The early adopters have been getting restless lately. I’m with them. This is not what we signed up for.
Alan Jacobs, writing for The New Atlantis, predicts The End of Big Twitter. Twitter used to be like your front porch, now it’s the middle of Broadway and he’s getting out:
I don’t like this change. I made friends – real friends – on Twitter when it was a place for conversation. I reconnected with people I had lost touch with. Whole new realms of knowledge were opened to me. I don’t want to foreclose on the possibility of further discovery, but the signal-to-noise ratio is so bad now that I don’t think I could pick out the constructive and interesting voices from all the mean-spiritedness and incomprehension; and so few smart people now dare to use Twitter in the old open way.
In similar vein Scott Rosenberg on WordYard writes about social media burnout and the revival of blogging:
Then something happens. The early users begin to burn out, or feel neglected, or resent how the platform owner is changing things, or just chafe at problems the service has never been able to fix. Eventually, they lose the love. They start looking for a new home. If there is a hive mind at work in these matters – and there’s almost certainly not just one but many – it rouses itself and, at some critical moment, moves its energy center elsewhere.
Brent Simmons on inessential is also fed up with the exploitation by social media companies, but keen to keep blogging:
What I do care about is that my blog isn’t part of a system where its usefulness is just a hook to get me to use it. It works the way I want to, and the company running the servers (DreamHost) doesn’t care one fig what I do.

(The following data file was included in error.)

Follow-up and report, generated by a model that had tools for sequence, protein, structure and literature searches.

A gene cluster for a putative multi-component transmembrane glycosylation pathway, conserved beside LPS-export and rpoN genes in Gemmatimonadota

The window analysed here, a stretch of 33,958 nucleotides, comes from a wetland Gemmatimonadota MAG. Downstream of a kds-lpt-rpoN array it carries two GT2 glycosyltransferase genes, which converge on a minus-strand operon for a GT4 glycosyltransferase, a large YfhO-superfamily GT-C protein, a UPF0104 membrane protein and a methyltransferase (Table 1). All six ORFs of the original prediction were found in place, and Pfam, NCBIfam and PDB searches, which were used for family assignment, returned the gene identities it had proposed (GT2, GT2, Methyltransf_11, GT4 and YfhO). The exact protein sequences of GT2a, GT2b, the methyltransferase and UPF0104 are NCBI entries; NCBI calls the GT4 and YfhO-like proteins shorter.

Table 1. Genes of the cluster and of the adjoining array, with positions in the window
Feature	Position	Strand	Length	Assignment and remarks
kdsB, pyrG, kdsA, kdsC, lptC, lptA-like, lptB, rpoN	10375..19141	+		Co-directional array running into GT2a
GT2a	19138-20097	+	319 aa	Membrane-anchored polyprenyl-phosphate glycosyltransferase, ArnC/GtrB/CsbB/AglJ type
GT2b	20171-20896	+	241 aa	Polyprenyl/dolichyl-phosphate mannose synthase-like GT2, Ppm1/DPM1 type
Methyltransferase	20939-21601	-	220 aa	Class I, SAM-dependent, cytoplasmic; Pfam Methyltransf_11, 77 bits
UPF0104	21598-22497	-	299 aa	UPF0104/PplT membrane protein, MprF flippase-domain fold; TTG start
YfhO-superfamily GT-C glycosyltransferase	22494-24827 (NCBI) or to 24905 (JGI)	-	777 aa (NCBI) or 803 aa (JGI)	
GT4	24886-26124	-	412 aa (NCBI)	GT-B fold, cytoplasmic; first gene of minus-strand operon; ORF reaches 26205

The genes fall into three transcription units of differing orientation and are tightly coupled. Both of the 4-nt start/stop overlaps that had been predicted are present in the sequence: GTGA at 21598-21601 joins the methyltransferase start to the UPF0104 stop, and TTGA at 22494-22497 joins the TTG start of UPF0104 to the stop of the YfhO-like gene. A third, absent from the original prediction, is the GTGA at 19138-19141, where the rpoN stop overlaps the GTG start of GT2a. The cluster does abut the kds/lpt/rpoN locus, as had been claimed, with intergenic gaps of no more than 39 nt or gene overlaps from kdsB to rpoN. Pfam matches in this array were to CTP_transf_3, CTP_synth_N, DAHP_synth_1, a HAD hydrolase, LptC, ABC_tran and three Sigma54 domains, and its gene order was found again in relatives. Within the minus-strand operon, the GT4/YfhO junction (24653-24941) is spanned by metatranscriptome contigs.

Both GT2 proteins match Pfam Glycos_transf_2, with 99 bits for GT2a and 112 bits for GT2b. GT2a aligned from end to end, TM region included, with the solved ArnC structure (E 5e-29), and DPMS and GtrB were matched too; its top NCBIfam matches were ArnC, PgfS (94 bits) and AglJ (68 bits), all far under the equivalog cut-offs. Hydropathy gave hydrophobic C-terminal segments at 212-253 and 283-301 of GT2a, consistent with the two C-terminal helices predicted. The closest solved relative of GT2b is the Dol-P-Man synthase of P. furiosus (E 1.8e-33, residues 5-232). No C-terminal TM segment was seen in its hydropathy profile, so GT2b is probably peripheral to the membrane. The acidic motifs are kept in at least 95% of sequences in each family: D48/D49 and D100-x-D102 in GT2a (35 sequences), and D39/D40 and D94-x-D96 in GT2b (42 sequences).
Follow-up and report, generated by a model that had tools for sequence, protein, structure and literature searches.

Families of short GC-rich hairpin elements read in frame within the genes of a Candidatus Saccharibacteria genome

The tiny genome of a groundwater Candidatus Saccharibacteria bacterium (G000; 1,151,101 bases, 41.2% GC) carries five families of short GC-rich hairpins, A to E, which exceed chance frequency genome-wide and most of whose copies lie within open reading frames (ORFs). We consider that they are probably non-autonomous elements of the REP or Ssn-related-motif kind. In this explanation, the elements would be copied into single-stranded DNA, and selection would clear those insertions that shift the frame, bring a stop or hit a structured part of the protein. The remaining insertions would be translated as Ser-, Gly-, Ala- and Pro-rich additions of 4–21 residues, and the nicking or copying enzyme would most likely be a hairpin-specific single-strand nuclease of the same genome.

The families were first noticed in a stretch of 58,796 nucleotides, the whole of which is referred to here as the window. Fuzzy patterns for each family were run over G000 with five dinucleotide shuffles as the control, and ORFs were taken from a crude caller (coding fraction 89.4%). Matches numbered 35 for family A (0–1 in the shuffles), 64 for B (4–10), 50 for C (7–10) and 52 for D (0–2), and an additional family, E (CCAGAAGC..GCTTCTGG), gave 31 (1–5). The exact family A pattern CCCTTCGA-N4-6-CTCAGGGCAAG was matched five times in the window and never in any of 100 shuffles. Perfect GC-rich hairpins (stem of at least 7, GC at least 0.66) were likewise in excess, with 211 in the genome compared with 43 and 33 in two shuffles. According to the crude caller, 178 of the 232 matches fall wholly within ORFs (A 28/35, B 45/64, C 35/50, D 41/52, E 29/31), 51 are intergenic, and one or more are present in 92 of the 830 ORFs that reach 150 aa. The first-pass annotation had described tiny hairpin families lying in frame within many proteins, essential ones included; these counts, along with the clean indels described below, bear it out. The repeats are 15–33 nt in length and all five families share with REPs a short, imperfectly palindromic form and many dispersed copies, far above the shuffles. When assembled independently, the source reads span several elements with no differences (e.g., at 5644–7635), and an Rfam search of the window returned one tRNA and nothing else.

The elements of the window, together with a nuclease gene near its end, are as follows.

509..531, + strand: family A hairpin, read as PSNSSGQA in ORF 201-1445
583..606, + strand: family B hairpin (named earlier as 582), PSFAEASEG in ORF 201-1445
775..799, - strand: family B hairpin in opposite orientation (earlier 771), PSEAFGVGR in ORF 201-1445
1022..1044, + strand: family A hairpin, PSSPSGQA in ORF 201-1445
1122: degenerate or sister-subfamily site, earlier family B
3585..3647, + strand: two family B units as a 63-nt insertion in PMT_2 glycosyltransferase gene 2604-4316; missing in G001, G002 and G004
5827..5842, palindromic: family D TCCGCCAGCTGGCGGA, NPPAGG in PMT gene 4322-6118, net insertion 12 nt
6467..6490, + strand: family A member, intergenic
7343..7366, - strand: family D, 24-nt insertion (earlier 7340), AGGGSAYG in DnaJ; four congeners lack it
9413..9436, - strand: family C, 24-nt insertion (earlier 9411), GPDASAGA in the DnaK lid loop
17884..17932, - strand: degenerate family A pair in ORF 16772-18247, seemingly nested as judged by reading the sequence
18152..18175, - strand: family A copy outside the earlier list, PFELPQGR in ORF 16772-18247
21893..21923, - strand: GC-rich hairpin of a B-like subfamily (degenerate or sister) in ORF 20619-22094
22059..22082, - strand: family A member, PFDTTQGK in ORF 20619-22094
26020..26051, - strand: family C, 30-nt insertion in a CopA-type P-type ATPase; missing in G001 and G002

Nick Carr on Rough Type takes these arguments further, considering the wider picture of Big Internet, and concludes:
These trends … stem from a sense of exhaustion with what I’m calling Big Internet. By Big Internet, I mean the platform- and plantation-based internet, the one centered around giants like Google and Facebook and Twitter and Amazon and Apple. Maybe these companies were insurgents at one point, but now they’re fat and bland and obsessed with expanding or defending their empires. They’ve become the Henry VIIIs of the web. And it’s starting to feel a little gross to be in their presence. So, yeah, I’m down with this retro movement. Bring back personal blogs. Bring back RSS. Bring back the fun. Screw Big Internet.
The web we want
So what kind of web do we want? 25 years ago, Sir Tim Berners-Lee gave the web to the world. To mark the 25th anniversary of this turning point Web We Want is running a three-part festival at Southbank Centre, London. The Web We Want movement is calling on everyone, everywhere to play their part in shaping and enhancing the web.
As part of the festival Tim Berners-Lee spent an evening in conversation with SCL President Richard Susskind on September 27, reported by Roger Bickerstaff on the SCL site: